Alcohol and Cooking

I have a friend who, due to religious beliefs, does not ingest alcohol. I have a running argument with him because I like to cook with wine when making sauces and stocks, but he refuses to eat them. I think that all the alcohol must be evaporated by the time the finished product is ready, but he still refuses. I can’t imagine there being anything bad about cooking with alcohol, so I’m just frustrated by his stance. Am I wrong about this? -Sammy

An Answer From Dr. Doug

You’re not wrong about the alcohol – as long as the food has boiled for 10 minutes or so all the alcohol is gone. And likewise, when deglazing a hot pan, all the liquid, and with it all the booze, will be gone. And what’s more, any antioxidants in the wine that are not sensitive to heat will be left behind leaving all of the benefits of the wine with none of the harmful effects.

However, when you’re dealing with someone’s religious beliefs, it’s probably better to accommodate. Although there won’t be any actual alcohol left in the dish you’re preparing, the spirit of the belief is that one will refrain from the use of alcohol altogether. Arguing from a logical perspective against a spiritual belief isn’t going to do any good, in my experience. As a cook it’s important, to a certain extent, to respect the wishes of those we’re cooking for. We have to nourish our both guest’s bodies and spirits.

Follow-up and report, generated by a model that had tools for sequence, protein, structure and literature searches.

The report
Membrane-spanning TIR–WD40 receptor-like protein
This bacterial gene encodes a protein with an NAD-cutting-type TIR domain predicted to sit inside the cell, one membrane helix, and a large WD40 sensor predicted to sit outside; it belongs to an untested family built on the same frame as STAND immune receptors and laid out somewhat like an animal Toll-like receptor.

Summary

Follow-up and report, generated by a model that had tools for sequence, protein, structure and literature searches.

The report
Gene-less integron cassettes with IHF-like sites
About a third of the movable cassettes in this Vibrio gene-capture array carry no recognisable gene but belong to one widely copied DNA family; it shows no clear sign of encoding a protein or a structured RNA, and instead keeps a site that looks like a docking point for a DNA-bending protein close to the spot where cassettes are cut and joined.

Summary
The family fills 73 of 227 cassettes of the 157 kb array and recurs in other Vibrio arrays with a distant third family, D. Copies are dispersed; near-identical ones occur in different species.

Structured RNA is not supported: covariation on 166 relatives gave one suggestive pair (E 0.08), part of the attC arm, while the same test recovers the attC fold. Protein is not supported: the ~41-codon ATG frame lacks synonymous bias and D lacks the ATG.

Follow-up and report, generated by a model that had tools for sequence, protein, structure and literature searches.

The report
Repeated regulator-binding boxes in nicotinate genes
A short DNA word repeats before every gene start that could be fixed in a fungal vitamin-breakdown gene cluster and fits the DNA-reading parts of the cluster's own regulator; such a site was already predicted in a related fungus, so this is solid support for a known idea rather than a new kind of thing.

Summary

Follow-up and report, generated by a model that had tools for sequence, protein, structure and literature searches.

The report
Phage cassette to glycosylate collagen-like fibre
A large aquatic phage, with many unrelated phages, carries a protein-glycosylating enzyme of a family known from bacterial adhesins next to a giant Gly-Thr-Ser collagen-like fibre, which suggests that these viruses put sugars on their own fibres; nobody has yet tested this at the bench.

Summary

So why not try an alternative? If you’re deglazing a pan, use a watered down malt vinegar, an appropriate juice or stock instead of wine. When making a stock, any vinegar can easily fill in for wine since what you’re really after is an acid to help pull nutritious gelatin from the bones. In the past I’ve used apple cider vinegar, strong kombucha tea or even just water to deglaze a pan. The health benefits will be the same and the flavor difference will be negligible.

Doug DiPasquale is both a chef and a holistic nutritionist. His blog will interest people who love food and know that good food means good nutrition.